Mike Tyson is a very complicated guy whose career is a cautionary tragedy, and his fall a complex interplay of factors.
Mike was effectively abandoned as a child. He was a feral kid, running the streets and trying to survive when Cus D’Amato came into his life, but Cus was not an unalloyed blessing.
Cus only intervened and brought kids in who he thought he would be able to use. He wanted tough kids to mold into fighters. Cud did succeed in getting a young Mike Tyson to believe he might be able to achieve and become a fighter like his hero, Muhammad Ali.
He provided structure, training, and a purpose in life, and had taken Floyd Patterson out of a youth home for delinquents for the same reason, to make him a fighter.
Cus took a hefty percentage as the manager/trainer. Mike had never had anyone care about him for himself, and Cus did not either.
Mike, as a prime fighter, was a beast. He had weaknesses, all fighters do, but his natural speed and strength, coupled with good discipline and training, made him one of the most dominant champions ever during his prime, short as it was.
Mike’s decline came from four sources:
1. Background and Upbringing
His background and upbringing left him vulnerable to manipulative people.
After Cus died, and Don King had arrived on the scene, the fox was in the henhouse. Add in Robin Givens and her mother, and Mike had more manipulators than Hersey has chocolate.
The result was a Mike under constant pressure, with Kevin Rooney driven out.
2. Press Clipping
Mike began to believe his press clippings. Every fighter that set foot in the ring with him during his prime was terrified, and Mike began to think that all fighters would be terrified of him.
Further, as the papers began to say he was unbeatable, he began to believe he was unbeatable.
3. The hard-working kid
The hard-working kid who watched film regularly when he was not in the gym training, was gone.
The new Mike thought he didn’t have to train, that he could party and train in a training camp. He went from the gym and film room every day, to the nightclubs every night.
There were approaching two fighters who met the criteria for matching Mike: a brutally brave and tough swarmer with power, Holyfield, and a master boxer with size, speed, reach, and excellent fundamentals, Lennox Lewis.
Could prime Mike have beaten them? We will never know because prime Mike was long gone.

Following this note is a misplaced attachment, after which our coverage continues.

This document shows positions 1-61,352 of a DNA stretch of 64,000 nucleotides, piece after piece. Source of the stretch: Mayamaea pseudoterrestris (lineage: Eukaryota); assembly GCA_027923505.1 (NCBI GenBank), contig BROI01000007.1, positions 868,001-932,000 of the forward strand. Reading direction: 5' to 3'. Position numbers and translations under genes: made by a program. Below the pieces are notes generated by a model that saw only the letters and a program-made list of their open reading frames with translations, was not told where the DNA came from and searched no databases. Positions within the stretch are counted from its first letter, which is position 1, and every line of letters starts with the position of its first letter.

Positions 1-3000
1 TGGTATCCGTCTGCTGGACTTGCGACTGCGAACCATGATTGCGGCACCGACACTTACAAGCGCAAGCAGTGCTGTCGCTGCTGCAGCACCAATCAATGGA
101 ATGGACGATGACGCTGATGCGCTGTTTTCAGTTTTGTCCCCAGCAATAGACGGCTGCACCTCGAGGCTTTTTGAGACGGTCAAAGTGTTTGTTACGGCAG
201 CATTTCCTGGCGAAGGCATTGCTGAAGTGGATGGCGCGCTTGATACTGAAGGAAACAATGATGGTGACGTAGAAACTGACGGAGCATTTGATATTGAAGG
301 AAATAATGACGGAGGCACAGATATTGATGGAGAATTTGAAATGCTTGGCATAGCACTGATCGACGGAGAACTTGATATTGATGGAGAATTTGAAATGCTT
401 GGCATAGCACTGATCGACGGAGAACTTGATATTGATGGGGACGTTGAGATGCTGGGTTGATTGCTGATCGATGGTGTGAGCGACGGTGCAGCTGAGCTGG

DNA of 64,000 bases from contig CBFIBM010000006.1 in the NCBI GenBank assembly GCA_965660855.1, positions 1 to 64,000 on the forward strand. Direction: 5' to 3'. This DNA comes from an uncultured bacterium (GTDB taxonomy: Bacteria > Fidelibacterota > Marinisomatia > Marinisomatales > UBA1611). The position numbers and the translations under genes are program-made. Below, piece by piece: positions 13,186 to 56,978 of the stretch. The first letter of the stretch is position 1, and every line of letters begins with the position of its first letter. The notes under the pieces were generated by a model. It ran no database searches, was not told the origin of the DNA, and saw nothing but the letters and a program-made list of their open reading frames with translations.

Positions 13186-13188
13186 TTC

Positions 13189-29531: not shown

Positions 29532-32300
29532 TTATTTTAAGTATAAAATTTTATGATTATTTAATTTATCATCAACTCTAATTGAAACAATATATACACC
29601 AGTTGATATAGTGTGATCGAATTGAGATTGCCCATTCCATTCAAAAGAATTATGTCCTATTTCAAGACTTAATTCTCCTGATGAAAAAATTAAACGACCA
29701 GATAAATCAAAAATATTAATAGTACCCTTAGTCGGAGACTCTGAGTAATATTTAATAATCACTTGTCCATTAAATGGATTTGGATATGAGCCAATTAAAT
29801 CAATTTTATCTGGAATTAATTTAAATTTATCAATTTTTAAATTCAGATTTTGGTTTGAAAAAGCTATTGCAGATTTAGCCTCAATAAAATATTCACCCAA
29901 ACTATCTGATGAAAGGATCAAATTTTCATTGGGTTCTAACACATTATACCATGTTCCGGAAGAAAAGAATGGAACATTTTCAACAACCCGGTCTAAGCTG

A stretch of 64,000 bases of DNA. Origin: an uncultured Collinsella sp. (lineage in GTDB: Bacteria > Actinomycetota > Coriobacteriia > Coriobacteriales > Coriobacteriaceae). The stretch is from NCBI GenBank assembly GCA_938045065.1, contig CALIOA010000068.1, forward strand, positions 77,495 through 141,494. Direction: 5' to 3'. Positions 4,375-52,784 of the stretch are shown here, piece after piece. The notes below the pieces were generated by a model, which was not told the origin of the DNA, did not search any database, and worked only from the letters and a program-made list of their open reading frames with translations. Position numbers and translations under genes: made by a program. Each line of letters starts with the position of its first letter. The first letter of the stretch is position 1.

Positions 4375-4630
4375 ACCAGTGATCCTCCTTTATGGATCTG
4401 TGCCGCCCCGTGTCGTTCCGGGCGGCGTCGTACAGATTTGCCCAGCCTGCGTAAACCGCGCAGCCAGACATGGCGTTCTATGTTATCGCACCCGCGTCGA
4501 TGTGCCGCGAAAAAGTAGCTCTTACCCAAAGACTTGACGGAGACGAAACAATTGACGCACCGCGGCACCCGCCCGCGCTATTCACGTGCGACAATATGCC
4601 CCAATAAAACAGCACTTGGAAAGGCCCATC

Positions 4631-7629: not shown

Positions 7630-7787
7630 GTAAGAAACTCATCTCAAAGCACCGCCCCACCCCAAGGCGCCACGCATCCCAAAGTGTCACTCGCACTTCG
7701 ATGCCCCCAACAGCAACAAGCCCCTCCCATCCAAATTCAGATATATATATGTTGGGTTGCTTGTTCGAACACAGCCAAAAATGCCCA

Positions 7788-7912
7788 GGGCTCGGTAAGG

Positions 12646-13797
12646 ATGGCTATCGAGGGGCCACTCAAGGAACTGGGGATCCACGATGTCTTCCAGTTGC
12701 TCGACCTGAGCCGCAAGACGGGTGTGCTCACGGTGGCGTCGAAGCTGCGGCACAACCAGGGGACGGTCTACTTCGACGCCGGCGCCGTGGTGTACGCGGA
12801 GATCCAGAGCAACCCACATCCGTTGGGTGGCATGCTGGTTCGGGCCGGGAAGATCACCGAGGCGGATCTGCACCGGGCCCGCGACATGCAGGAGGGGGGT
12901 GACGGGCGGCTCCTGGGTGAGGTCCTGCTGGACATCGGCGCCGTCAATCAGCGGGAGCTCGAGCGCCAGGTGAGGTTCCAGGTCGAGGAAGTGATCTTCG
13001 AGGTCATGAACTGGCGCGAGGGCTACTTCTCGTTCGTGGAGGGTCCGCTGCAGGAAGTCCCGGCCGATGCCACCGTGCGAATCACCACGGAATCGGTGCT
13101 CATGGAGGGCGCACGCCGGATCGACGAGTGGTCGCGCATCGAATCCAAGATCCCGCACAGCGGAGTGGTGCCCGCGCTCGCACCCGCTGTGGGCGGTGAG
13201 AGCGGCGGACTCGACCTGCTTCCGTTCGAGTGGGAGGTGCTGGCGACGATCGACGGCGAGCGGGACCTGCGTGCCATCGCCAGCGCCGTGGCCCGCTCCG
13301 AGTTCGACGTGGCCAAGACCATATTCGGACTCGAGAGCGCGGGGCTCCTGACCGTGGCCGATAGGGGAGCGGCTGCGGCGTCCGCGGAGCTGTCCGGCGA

To maintain the style, which made Mike great, combination punching in volume, and bob and weaves defense, gym time, and top shape were a must. Mike went from a mini cyclone to a single cannon. His championship-style was a memory.
Mike’s natural speed and strength remained, but time was passing, and it takes a tiny bit every day. He was not as strong at 25 as he was at 20, nor as fast.
The difference might be small, but it was there. Constant work in the gym, the right diet, rest, all can delay a decline, but Mike had gotten to the point he did none of them.
Enter Buster Douglas, who fought the best fight of his life on a night Mike had not trained for. A prime Mike Tyson would have stopped Buster in the first round.
Then prison for three years, and more time lost. Muhammad Ali and Joe Louis were not the only fighters to see a decline from a three-plus-year exile, Tyson did as well. So it was a complex combination of factors, not a simple “he partied too much” or “bad girls took him down,” or “Don King did it,” as some folks claim.
Life set Mike up to fail, and he was unable to overcome it back then – he seems to be doing much better today.
Mike’s talent was based on shaky foundations. His mental instability and immaturity, his reliance on technique, his ambivalence to the sport, combined with the challenges presented by his own style, meant he couldn’t keep it going for long enough to fulfill his early potential.
Despite this, he had a fantastic run for a few years, with one of the most dominating reigns in heavyweight history.
He may have fallen short of some people’s expectations, but it was impressive while it lasted.
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